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Morrison Government

From Wikipedia, the free encyclopedia

Morrison Government
Coat of Arms of Australia.svg
Scott Morrison 2019.jpg
In office
24 August 2018 – present
MonarchElizabeth II
Governor-GeneralSir Peter Cosgrove (24 August 2018 – 1 July 2019)
David Hurley (1 July 2019 – present)
Prime MinisterScott Morrison
DeputyBarnaby Joyce
PartyLiberal and National (Coalition)
StatusMinority (October 2018 – May 2019; February 2021 - present)
Majority (August 2018 – October 2018; May 2019 – February 2021)[a]
OriginMorrison wins second 2018 Liberal leadership spill
PredecessorTurnbull Government

The Morrison Government is the current formation of Australian Government ministers, led by Scott Morrison, the prime minister and leader of the Liberal Party of Australia. The government consists of members of the Liberal-National Coalition. Barnaby Joyce is the leader of the junior party in the Coalition, the National Party, and serves as Deputy Prime Minister. The prime ministership of Scott Morrison commenced on 24 August 2018, when he was sworn in by the Governor-General of Australia. Following Morrison's victory in the 2019 federal election, the Second Morrison Ministry was formed in 2019; this succeeded the First Morrison Ministry, which was dissolved in May 2019.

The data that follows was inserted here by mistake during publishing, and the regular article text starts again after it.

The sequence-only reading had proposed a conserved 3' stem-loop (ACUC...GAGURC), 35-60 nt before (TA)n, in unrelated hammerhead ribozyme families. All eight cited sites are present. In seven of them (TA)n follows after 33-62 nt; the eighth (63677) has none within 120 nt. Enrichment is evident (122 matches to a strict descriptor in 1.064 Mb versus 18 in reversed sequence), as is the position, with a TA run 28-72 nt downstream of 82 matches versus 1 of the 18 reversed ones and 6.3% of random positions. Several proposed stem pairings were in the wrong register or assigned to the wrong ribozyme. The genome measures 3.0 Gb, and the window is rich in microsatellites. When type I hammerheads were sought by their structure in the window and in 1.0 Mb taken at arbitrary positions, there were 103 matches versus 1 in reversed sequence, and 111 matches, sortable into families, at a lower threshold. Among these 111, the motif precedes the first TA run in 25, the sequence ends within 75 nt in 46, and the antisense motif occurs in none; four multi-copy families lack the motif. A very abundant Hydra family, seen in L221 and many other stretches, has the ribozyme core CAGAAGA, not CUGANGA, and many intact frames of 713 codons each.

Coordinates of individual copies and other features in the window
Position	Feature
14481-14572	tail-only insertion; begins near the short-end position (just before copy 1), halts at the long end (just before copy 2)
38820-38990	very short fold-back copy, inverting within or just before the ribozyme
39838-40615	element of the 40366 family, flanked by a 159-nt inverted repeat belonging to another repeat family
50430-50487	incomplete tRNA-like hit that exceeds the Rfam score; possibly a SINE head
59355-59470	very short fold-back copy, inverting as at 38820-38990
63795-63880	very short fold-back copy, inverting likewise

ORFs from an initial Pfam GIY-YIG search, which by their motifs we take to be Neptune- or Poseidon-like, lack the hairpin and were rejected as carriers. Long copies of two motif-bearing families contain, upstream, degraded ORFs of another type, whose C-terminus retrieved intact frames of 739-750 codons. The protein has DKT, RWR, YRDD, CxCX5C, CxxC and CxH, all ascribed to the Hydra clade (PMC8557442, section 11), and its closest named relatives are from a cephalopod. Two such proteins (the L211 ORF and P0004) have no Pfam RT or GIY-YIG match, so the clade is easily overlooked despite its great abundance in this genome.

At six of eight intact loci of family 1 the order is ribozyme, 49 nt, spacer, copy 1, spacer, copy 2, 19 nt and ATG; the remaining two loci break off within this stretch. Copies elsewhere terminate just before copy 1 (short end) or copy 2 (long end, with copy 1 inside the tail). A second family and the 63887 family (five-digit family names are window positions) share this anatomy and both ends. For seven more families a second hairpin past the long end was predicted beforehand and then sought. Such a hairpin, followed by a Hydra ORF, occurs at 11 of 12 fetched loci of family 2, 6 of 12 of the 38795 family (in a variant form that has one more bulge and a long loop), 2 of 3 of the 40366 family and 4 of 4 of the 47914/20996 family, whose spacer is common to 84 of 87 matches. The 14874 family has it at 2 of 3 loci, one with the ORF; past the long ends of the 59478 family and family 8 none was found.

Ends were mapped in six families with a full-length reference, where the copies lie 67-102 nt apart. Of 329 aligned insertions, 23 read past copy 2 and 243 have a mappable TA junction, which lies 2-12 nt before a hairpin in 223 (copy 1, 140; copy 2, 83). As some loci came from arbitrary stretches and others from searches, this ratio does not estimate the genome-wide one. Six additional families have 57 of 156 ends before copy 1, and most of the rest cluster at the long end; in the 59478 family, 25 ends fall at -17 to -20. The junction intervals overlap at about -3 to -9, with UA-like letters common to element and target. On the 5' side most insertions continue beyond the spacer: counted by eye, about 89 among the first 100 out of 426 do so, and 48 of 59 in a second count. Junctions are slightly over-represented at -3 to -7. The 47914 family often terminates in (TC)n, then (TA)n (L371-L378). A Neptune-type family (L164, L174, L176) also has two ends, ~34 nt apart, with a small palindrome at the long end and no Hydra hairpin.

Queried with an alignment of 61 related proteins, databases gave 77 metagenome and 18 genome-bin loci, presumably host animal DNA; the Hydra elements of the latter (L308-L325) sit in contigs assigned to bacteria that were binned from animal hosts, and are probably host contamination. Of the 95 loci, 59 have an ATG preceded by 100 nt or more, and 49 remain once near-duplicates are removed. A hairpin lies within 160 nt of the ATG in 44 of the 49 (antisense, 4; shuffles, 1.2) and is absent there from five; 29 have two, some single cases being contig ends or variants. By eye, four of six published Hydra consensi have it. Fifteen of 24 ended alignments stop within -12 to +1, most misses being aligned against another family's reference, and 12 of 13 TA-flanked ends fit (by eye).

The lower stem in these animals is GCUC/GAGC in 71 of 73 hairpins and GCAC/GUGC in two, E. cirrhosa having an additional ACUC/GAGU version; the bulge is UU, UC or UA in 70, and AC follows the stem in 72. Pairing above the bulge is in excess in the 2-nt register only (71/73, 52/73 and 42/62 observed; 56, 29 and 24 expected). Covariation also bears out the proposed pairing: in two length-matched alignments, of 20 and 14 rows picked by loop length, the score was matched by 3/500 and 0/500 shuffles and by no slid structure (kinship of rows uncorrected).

The Turnbull Government ended in leadership turmoil in 2018. Morrison won the subsequent Liberal Party party room ballot for the leadership, and became Prime Minister of Australia.[1] Josh Frydenberg replaced Julie Bishop as the Deputy Leader of the Liberal Party and Morrison as Treasurer. Turnbull resigned from Parliament leaving the Coalition in minority government following the 2018 Wentworth by-election. Tensions remained as Turnbull lobbied for the removal of rivals. Morrison reformed Party rules to make it harder to remove elected Prime Ministers.

In Foreign Affairs, the Morrison Government concluded the Indonesia-Australia Comprehensive Economic Partnership Agreement. On the economy, after the lowest deficit in a decade, Morrison predicted a small surplus in the 2019 Federal Budget, but then had to stimulate the economy due to the outbreak of COVID-19.


The Liberal-National Coalition won office under the leadership of Tony Abbott in the 2013 Australian federal election held on 7 September. Abbott defeated the second Rudd Government, ending six years of Labor Government.[2] Less than two years later on 14 September 2015, Malcolm Turnbull defeated Abbott in a leadership ballot, 54 votes to 44 and the Turnbull Government became the federal government of Australia.

Turnbull cited Newspoll results and "economic leadership" as reasons for mounting his challenge against Abbott.[3] Under the slogan "jobs and growth," Turnbull led the Coalition to the 2016 Election in which their majority in the House of Representatives was reduced to one seat.[4]

Turnbull's ousting of Abbott had divided the Liberal Party rank and file and tensions continued in the parliamentary Party.[5][6][7] The Government reached the 30-consecutive-Newspoll-losses benchmark Turnbull had used to unseat Abbott, in April 2018.[8] The government suffered by-election losses in July 2018.[9] Dissent from conservative MPs over issues such as energy prices and immigration levels grew during Turnbull's final months. On 21 August, Turnbull announced a leadership spill ahead of his 39th consecutive Newspoll loss, which he narrowly won against Peter Dutton. Turnbull resigned three days later after losing the confidence of his party room. Morrison won the resultant spill for the Liberal leadership, defeating Dutton and Julie Bishop. He became Australia's 30th Prime Minister.

Aftermath of Turnbull defeat

Minority government